Female adults cannot perform basic tasks in some nations, says the secretary of state
POSTED: 01:30 a.m. HST, Nov 12, 2011
Giving women equal access to the tools of business -- including the right to sign contracts, borrow money and open bank accounts -- will go a long way to expanding the economies of the Asia-Pacific region, U.S. Secretary of State Hillary Rodham Clinton told a gathering of CEOs from some of the world's biggest companies Friday at the Sheraton Waikiki hotel.
Prime ministers of Singapore and Australia as well as presidents of the Philippines, Vietnam and Peru also participated in the CEO Summit, which largely focused on economic relations and opportunities among 21 nations represented by the Asia-Pacific Economic Cooperation assembly being held this week on Oahu.
Clinton took the opportunity to raise awareness about restrictions women face participating in economic growth in parts of the Asia-Pacific region.
She said women in some countries can't independently open bank accounts, incorporate businesses, sign contracts or file lawsuits. Women also face higher interest rates and shorter loan terms for credit, which Clinton said are other discriminatory barriers hurting not only women, but also businesses and global economic growth.
"When women enjoy greater access to jobs, top positions ... there is a ripple effect," she said.
Women's rights have long been an issue championed by Clinton, though much of the emphasis more recently has shifted from human rights to economic rights.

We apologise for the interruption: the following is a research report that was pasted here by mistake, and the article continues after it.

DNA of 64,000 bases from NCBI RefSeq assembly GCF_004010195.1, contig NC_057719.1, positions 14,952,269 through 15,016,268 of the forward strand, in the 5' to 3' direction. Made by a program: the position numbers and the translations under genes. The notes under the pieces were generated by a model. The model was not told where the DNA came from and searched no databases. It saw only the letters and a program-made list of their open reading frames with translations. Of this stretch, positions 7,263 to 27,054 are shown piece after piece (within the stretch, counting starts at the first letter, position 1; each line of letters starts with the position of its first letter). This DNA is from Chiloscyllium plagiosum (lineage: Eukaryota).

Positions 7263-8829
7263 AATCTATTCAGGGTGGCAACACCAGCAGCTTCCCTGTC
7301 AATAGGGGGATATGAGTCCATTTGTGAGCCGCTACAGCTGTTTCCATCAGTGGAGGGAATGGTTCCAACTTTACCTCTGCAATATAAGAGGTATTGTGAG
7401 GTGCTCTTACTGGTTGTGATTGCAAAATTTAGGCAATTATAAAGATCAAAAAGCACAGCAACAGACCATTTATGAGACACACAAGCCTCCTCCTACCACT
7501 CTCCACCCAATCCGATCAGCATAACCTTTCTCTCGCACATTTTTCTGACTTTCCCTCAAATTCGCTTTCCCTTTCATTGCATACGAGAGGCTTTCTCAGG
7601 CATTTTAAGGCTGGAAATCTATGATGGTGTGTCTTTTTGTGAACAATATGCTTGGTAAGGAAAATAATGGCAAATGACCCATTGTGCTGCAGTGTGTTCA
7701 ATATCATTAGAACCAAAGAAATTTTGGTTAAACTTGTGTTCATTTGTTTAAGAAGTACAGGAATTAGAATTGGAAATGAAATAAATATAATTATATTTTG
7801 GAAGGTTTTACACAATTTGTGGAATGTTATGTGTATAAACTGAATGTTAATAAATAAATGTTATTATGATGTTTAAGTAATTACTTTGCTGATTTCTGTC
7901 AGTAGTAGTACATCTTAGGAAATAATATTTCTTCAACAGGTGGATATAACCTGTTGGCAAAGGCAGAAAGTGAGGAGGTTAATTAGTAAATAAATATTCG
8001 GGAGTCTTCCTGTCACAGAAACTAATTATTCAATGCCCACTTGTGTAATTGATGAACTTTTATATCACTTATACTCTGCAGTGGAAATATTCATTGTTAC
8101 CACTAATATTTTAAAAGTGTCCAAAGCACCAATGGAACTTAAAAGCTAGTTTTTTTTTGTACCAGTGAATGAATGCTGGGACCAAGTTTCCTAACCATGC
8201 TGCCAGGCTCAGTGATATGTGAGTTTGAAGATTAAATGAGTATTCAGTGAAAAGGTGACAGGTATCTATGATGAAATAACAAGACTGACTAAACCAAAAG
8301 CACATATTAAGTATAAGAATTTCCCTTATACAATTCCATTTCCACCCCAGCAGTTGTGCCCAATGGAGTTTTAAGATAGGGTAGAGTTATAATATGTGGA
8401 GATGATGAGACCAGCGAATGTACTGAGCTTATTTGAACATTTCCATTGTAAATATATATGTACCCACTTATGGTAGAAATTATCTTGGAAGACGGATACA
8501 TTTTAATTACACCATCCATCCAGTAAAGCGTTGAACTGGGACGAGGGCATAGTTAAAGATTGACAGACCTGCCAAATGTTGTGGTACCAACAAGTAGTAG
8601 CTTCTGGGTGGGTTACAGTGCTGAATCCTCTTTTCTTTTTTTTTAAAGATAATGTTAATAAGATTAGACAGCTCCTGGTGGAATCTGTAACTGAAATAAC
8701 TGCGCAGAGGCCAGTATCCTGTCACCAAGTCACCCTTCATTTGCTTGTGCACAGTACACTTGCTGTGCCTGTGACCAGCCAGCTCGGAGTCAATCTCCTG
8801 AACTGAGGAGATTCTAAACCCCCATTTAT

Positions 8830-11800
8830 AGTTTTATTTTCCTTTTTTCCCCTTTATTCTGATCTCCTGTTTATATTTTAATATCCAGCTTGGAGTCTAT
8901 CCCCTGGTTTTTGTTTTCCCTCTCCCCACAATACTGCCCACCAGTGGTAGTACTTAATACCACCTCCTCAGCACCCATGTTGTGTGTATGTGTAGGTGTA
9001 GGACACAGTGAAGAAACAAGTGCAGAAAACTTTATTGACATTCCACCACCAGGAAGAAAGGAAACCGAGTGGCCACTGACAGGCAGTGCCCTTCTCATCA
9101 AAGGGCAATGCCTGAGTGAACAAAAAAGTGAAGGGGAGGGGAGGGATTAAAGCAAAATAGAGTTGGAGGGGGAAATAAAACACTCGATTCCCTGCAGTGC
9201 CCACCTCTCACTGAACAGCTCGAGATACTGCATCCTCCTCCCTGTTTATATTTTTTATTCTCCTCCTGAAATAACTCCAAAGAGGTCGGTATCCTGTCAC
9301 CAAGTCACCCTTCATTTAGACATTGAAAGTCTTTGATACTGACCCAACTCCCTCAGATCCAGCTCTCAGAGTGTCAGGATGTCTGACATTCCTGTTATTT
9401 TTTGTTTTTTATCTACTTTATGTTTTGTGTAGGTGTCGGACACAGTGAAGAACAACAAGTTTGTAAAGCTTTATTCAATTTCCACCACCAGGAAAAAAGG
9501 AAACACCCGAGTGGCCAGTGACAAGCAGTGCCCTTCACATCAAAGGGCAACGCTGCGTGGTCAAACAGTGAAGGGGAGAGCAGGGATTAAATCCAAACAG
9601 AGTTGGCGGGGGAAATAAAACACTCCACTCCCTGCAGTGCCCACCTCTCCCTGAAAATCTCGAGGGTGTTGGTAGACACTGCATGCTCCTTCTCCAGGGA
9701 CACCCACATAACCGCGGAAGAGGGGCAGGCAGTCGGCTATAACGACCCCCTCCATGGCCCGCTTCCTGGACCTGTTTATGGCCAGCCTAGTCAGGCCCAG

Clinton said the private sector needs to advance women in the workplace and can also push to end government regulations that discriminate against women.
"It's not only, in our view, the right thing to do, it's the smart thing to do," she said.
Mike McCartney, president and CEO of the Hawaii Tourism Authority, said it is great to have Clinton in Hawaii and speaking to global business leaders. "She's opening doors and opening eyes and hearts -- bringing the world together."
Clinton was asked about her future job aspirations, and she suggested her next position might not be in government or business. "I don't have a dream job; I have a dream vacation," she said.
Philippine President Benigno Aquino addressed competition among countries for energy, food and other commodities.
The CEO Summit has been held since 1996 as a counterpart to APEC meetings among government and economic policymakers.
Friday's event kicked off with two performers blowing conch shells and the delivery of a long chant and blessing by a Hawaiian spiritual leader, or kahu.
Craig Mundie, Microsoft Corp. chief research and strategy officer, delivered the first "aloha" to the group of close to 1,000 mostly business leaders from around the world, including close to 50 from Hawaii.